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in my first attempt i used fake targets to create server controls to wire up the animation extender, then during execution, changed the target and executed the animation.  a little kluge i thought, but it worked -- and under the cover essentially that's what happens anyway on a server control.

well today, ajax wizard and poker maven pointed me to a post where it talked about using the client libraries directly.  basically when you add an animation extender control it tells the runtime what client-side script references it will need.  so the first step is for us to do this manually.  to do this, we can take advantage of the <Scripts> element of the ScriptManager control and enter the scripts we need for our animation:

   1:  <asp:ScriptManager ID="ScriptManager1" runat="server">
   2:              <Scripts>
   3:                  <asp:ScriptReference Assembly="AjaxControlToolkit" Name="AjaxControlToolkit.Common.Common.js" />
   4:                  <asp:ScriptReference Assembly="AjaxControlToolkit" Name="AjaxControlToolkit.Compat.Timer.Timer.js" />
   5:                  <asp:ScriptReference Assembly="AjaxControlToolkit" Name="AjaxControlToolkit.Animation.Animations.js" />
   6:              </Scripts>
   7:          </asp:ScriptManager>


after we have that, we can then use the client api's directly.  here's the example:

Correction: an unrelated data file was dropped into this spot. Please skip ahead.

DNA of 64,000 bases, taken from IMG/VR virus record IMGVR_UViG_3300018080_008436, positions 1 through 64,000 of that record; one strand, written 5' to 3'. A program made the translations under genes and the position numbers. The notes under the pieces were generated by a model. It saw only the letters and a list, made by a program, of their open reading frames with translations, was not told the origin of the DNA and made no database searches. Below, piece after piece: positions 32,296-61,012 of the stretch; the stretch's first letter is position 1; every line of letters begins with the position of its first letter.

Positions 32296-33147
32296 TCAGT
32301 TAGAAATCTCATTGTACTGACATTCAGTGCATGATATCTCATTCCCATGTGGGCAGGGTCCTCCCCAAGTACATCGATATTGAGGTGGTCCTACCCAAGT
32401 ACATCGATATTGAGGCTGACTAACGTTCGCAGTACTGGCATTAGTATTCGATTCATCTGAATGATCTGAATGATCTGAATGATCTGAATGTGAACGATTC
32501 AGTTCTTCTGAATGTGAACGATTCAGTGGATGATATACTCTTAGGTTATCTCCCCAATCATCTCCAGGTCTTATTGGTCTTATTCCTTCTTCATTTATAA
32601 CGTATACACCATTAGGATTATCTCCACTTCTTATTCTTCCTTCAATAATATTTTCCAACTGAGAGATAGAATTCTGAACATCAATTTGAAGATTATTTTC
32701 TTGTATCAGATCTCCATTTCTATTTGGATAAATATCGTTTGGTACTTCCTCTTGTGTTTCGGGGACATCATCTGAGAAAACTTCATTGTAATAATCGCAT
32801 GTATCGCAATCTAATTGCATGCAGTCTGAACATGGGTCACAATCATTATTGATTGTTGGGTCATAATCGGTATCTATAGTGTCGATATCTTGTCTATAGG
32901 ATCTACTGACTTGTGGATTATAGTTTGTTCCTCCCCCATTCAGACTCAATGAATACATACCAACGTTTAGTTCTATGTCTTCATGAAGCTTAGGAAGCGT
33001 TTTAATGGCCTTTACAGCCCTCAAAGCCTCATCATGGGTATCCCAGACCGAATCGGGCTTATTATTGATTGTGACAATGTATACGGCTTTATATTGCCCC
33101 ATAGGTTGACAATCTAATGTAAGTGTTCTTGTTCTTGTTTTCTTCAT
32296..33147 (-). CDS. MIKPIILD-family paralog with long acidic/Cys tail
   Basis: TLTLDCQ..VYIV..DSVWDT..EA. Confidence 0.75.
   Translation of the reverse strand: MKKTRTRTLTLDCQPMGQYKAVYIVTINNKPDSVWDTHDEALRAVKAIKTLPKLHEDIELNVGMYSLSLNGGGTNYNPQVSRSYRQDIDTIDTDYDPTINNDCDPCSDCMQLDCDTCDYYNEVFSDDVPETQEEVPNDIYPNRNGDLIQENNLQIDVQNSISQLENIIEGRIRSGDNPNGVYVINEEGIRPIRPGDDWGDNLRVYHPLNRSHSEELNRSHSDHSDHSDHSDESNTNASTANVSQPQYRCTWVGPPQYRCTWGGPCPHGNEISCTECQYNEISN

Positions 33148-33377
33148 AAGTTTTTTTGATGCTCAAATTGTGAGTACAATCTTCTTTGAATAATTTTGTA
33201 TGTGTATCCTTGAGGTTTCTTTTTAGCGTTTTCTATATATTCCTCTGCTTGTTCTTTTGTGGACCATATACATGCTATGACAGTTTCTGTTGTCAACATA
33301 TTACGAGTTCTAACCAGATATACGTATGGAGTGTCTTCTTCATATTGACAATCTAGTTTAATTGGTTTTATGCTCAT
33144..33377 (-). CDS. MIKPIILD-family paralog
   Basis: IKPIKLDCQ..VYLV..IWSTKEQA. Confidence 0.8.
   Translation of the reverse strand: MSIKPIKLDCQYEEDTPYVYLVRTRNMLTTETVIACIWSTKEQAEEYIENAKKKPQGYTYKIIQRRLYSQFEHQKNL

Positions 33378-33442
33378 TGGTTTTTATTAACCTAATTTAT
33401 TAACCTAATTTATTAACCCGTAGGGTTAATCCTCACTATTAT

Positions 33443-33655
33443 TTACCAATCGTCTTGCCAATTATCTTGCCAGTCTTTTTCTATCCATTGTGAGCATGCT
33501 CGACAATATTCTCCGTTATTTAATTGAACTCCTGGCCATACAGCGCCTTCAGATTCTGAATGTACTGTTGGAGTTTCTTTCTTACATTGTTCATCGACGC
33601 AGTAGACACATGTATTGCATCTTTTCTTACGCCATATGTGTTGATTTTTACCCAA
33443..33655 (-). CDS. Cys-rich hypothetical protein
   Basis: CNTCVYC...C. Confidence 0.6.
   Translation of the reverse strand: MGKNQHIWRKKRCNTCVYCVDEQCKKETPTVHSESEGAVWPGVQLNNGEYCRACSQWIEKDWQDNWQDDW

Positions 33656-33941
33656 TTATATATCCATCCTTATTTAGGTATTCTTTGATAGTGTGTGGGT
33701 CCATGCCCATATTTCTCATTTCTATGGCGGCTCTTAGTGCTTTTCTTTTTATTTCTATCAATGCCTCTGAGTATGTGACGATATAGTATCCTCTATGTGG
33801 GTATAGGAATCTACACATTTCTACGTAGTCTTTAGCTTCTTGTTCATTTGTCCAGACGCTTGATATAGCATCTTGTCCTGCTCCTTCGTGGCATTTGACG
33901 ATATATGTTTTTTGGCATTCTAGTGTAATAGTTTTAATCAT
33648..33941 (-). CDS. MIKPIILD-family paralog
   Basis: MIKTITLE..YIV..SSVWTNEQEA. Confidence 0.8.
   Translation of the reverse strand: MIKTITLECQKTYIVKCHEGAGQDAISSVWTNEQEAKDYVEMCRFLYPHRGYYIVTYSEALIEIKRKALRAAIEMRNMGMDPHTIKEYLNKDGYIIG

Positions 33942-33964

1:  <%@ Page Language="C#" AutoEventWireup="true" CodeFile="Default.aspx.cs" Inherits="_Default" %>
   2:  <!DOCTYPE html PUBLIC "-//W3C//DTD XHTML 1.1//EN" "http://www.w3.org/TR/xhtml11/DTD/xhtml11.dtd">
   3:  <html xmlns="http://www.w3.org/1999/xhtml">
   4:  <head runat="server">
   5:      <title>Untitled Page</title>
   6:      <script type="text/javascript">    
   7:      function fadeOut()
   8:      {
   9:          var el = $get("fadeBlock");
  10:          AjaxControlToolkit.Animation.OpacityAction.play(el, 0, 30, 0.4);
  11:      }
  12:      </script>
  13:  </head>
  14:  <body>
  15:      <form id="form1" runat="server">
  16:          <asp:ScriptManager ID="ScriptManager1" runat="server">
  17:              <Scripts>
  18:                  <asp:ScriptReference Assembly="AjaxControlToolkit" Name="AjaxControlToolkit.Common.Common.js" />
  19:                  <asp:ScriptReference Assembly="AjaxControlToolkit" Name="AjaxControlToolkit.Compat.Timer.Timer.js" />
  20:                  <asp:ScriptReference Assembly="AjaxControlToolkit" Name="AjaxControlToolkit.Animation.Animations.js" />
  21:              </Scripts>
  22:          </asp:ScriptManager>
  23:          <div>
  24:              <div id="fadeBlock" style="width:250px; height:250px; background-color:Red">
  25:                  <input type="button" value="Fade Out" id="fadeButton" onclick="fadeOut()" />
  26:              </div>
  27:          </div>
  28:      </form>
  29:  </body>
  30:  </html>


as you can see the key elements are in the javascript function:

   1:  var el = $get("fadeBlock");
   2:  AjaxControlToolkit.Animation.OpacityAction.play(el, 0, 30, 0.4);


following the model of the client apis, we can directly call them without having a server-side wire-up of a fake control.  this will help with using microsoft ajax on non-microsoft platforms.  i do wish, however, that it could be simplified.  i suppose you could wrap the functions in a more simplified form into your own client side namespace.  let's say a company like, oh, i don't know wanted to do this, then they could essentially have the above line in something like:

Woodingo.Fade("fadeBlock", 0.4);

that would likely be much more appealing to developers.



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The opinions/content expressed on this blog are provided "ASIS" with no warranties and are my own personal opinions/content (unless otherwise noted) and do not represent my employer's view in any way.